The biggest problem is that Restless Soul does have its humorous moments. There are a few jokes that are actually solidly amusing, like the bit where “home office” actually means that your boss moves in with you. The game is just trying way, way too hard to be charming and funny, which makes it come across as more juvenile than anything. A ten-year-old would probably find this game hilarious the entire way through. Not so much when you’re eleven and above. The term “mildly amusing” is probably the best way to describe it, but it certainly wasn’t laugh-out-loud funny or particularly intriguing.
It’s clear that Restless Soul is desperately trying to emulate the nostalgic, twee sensibility of retro-style indie games like the aforementioned Undertale, but overall, it just isn’t charming enough to pull it off. The combat is fun, but limited enough that it doesn’t feel like the central focus of the game. And despite some cute moments, the story isn’t particularly funny or memorable, in the end. Getting out of the underworld and back to life is a clear goal, sure. But we’re given no real reason to want to achieve it, other than the satisfaction of completing the game and knocking another title out of our backlog. Which, in all honesty, isn’t exactly how you want your players to be feeling. Restless Soul doesn’t have much of a sense of originality. Outside the unique, enjoyable twist on bullet-hell combat and the occasional spark of actual humour, it’s unfortunately just as simple and flat as its two-dimensional characters – cute enough, but nothing special.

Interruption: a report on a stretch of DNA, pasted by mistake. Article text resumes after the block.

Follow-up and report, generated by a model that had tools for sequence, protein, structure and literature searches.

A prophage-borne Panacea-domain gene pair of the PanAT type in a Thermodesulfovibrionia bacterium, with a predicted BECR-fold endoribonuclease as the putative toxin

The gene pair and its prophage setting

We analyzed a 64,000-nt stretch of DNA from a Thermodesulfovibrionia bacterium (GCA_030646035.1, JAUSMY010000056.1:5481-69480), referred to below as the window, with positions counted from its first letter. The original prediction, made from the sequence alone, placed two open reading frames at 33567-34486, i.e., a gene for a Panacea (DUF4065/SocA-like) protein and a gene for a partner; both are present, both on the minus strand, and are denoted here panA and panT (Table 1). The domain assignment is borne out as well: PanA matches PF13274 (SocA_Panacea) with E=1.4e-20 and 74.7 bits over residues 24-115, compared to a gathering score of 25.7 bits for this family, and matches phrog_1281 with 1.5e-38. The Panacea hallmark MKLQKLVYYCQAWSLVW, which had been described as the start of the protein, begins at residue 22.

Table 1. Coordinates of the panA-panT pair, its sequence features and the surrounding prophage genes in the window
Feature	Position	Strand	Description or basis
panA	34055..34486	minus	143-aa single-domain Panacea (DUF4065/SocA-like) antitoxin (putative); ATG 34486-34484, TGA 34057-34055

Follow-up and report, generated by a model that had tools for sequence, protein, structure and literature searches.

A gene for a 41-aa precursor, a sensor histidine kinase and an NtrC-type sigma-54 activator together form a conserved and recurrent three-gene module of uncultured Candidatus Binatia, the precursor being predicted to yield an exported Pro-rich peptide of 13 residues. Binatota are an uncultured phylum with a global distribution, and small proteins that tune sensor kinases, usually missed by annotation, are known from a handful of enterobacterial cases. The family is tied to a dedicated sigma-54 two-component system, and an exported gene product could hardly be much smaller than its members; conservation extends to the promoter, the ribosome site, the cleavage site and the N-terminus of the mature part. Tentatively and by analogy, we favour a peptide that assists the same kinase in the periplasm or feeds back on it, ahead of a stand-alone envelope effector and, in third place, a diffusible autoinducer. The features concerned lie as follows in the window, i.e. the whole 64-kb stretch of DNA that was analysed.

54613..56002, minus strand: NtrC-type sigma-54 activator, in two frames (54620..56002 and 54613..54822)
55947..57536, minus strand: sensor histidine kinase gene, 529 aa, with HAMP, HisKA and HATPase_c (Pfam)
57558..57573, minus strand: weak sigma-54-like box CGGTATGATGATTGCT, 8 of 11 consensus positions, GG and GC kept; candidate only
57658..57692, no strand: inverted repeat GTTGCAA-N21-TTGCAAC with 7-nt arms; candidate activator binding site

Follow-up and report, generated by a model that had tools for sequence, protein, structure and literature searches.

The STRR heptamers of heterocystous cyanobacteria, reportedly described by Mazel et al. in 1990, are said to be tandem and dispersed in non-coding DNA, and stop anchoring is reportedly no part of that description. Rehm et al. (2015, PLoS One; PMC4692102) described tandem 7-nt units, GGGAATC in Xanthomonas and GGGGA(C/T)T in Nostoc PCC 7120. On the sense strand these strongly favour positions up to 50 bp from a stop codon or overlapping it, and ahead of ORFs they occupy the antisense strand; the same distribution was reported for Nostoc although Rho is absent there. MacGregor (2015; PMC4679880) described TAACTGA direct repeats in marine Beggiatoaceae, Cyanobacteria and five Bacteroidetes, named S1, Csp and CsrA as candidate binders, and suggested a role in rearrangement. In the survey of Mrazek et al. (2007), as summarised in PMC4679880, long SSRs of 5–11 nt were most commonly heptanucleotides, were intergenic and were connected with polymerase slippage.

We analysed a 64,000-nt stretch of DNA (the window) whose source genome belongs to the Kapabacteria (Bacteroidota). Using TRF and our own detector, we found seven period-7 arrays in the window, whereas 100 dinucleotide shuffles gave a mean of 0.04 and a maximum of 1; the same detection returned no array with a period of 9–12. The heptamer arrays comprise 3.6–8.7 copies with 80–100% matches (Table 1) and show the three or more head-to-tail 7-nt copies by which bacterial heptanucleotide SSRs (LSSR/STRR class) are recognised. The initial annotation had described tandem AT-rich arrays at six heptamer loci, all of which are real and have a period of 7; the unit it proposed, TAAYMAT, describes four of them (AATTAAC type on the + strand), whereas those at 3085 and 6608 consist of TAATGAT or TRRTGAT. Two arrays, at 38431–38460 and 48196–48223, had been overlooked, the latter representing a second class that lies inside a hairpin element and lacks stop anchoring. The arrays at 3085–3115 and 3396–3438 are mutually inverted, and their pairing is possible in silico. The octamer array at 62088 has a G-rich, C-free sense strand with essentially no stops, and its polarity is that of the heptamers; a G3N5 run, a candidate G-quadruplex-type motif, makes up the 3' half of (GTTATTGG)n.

And now that that’s done with, if you’ll excuse me, I’m off to play Undertale again.